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There is growing interest in the use of data to provide actionable insight. This interest goes beyond the professional analysts and just as fields such as mathematics and astronomy have benefited from the enthusiastic amateur so does data science. Social networks are a rich playground of data and whilst many provide access to their data via APIs but access via this route can be daunting. You can of course turn to 'analytics as a service' sites which will take your credentials and provide you with some answers, but often this can be what they want to tell you and not what you want to hear. A solution is the spreadsheet. Spreadsheets provide an interface for data exploration for those with basic skills. With Google Sheets the opportunities increase exponentially, not just in terms of collaboration, but also with the power of Google Apps Script. Apps Script provides easy integration into other Google products and services, such as Google Analytics, as well as third party APIs like Twitter. In this presentation we show how Google Sheets can become a rich playground where data from different services can be collected and analysed.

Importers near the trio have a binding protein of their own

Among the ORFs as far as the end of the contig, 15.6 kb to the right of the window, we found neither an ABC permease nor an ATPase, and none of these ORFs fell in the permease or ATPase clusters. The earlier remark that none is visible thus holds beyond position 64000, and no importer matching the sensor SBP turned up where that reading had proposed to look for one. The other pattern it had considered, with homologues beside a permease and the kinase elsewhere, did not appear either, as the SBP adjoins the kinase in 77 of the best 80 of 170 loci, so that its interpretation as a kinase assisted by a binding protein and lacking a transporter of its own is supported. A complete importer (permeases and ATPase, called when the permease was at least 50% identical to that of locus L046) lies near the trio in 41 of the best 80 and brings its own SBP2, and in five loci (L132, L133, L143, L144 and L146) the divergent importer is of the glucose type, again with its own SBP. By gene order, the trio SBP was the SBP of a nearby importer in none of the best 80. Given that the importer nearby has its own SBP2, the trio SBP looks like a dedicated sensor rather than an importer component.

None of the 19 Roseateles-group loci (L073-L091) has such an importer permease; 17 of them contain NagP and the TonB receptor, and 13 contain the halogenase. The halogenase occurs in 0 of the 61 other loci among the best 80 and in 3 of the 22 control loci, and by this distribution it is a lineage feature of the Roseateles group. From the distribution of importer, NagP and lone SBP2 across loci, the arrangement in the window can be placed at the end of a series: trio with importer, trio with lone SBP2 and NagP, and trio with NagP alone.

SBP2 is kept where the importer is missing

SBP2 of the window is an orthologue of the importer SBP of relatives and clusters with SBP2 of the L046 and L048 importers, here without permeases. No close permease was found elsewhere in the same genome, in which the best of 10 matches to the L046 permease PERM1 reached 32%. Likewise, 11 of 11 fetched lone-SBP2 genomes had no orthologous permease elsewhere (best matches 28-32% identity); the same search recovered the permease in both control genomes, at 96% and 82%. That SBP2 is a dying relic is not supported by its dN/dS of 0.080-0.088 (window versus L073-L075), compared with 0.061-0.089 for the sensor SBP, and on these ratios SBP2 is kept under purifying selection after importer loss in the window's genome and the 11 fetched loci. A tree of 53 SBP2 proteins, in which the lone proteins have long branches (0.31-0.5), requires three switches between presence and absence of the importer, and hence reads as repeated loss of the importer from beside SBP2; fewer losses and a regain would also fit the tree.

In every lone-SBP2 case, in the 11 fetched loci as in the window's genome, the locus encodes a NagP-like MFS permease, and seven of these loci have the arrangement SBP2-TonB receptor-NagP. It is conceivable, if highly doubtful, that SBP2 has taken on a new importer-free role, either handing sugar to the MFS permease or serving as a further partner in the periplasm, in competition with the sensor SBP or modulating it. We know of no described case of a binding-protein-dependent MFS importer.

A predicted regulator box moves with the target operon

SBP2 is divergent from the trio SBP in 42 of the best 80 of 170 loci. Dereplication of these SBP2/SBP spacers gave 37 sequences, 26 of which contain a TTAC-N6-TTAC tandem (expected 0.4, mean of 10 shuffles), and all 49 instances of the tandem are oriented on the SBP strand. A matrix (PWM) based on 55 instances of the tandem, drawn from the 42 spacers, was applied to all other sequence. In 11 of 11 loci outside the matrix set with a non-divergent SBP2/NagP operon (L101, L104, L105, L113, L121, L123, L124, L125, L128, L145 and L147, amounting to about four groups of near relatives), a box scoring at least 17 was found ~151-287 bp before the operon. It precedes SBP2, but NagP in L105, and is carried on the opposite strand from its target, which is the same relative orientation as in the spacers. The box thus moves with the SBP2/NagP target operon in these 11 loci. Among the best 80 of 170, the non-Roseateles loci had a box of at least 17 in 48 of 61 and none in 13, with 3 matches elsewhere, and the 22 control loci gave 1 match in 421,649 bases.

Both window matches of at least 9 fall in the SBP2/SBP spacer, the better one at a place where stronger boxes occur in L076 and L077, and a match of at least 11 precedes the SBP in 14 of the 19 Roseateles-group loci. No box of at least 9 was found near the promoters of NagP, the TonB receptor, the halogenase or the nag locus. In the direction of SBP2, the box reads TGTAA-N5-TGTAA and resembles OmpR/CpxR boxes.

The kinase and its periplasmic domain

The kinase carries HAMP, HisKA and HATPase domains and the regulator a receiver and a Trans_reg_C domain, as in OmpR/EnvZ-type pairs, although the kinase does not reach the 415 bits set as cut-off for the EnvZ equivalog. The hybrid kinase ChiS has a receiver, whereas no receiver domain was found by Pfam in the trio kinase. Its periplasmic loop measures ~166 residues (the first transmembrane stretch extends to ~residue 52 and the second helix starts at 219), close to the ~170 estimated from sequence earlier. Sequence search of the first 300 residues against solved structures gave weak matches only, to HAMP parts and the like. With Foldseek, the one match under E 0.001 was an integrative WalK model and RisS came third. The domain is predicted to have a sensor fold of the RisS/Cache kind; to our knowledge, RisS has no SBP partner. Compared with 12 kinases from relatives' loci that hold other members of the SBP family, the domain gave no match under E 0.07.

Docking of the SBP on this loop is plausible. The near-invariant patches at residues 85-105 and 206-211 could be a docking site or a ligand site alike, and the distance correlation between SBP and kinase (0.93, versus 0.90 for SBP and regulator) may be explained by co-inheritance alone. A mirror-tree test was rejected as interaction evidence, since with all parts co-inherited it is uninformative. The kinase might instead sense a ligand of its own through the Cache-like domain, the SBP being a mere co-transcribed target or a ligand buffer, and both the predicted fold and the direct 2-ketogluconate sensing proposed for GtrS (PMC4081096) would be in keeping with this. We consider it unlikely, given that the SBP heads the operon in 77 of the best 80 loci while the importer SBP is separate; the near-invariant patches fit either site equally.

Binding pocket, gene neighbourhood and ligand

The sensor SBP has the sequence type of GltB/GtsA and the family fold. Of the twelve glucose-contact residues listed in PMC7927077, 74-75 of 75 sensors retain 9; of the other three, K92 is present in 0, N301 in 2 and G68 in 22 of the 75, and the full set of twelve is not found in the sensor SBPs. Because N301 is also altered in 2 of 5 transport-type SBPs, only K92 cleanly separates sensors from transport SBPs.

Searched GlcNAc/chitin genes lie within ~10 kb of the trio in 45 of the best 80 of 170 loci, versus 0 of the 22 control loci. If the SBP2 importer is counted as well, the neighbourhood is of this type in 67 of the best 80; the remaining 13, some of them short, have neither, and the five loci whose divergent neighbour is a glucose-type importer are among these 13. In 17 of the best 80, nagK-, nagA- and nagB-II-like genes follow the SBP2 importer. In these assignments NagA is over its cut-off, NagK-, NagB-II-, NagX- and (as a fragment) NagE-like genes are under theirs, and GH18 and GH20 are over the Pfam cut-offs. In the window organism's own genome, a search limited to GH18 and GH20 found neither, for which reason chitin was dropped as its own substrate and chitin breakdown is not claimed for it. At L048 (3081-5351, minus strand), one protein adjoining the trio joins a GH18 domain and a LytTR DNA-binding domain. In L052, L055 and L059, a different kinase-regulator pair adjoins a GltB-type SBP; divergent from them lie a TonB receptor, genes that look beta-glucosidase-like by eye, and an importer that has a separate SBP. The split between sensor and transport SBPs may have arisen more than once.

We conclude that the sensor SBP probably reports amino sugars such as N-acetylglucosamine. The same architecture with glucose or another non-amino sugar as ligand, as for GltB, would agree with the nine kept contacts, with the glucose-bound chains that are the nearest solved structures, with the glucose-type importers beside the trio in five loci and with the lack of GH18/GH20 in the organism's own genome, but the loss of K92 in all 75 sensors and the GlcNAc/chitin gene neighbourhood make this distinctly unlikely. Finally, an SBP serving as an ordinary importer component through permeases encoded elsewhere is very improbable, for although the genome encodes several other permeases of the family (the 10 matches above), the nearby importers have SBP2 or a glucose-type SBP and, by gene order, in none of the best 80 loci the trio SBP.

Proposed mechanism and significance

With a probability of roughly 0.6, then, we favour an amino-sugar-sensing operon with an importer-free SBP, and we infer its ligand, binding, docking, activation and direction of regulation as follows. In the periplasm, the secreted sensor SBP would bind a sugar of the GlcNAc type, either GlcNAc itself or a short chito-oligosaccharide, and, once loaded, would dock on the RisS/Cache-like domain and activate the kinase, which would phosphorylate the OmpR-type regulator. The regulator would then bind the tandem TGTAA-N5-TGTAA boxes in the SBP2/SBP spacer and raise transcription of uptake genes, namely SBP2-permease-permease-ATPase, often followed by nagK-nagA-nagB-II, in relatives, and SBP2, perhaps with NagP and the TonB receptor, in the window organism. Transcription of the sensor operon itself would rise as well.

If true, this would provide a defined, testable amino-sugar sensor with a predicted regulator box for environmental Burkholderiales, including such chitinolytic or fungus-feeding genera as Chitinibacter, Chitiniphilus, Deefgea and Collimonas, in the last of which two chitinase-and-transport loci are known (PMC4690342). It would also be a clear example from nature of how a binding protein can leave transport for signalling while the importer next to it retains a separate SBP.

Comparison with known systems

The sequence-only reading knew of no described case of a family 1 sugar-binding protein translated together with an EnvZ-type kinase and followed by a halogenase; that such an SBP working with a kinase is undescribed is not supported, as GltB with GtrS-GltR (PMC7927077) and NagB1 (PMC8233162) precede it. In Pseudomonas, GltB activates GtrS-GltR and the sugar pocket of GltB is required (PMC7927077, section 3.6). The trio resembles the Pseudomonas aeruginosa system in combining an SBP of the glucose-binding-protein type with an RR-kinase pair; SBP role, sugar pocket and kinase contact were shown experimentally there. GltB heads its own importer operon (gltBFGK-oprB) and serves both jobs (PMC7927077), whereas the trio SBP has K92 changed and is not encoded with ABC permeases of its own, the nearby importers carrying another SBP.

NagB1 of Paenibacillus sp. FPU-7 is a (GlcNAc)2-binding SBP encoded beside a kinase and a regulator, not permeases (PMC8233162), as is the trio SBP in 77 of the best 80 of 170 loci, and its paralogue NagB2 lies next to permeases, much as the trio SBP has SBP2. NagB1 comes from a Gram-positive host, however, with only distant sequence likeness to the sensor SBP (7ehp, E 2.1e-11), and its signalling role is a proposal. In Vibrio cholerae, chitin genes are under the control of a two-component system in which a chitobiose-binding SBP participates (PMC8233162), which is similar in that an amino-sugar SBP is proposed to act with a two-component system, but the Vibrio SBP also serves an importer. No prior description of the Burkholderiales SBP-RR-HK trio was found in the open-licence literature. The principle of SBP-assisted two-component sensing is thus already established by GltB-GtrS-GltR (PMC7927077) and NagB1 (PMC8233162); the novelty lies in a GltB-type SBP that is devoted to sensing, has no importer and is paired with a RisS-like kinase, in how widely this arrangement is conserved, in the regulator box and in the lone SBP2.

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I was building an analytics dashboard today that collected data from various services including Google Anaytics and YouTube. Apps Script makes this very easy as highlighted in my previous post. An issue I encountered when I tried to access our YouTube channel reports is even though my account is attached to as a manager I was getting a ‘Forbidden’ error.  Turning to the Channel Reports documentation I discovered:

channel==CHANNEL_ID – Set CHANNEL_ID to the unique channel ID of the channel for which you are retrieving data. The user authorizing the request must be the owner of the channel.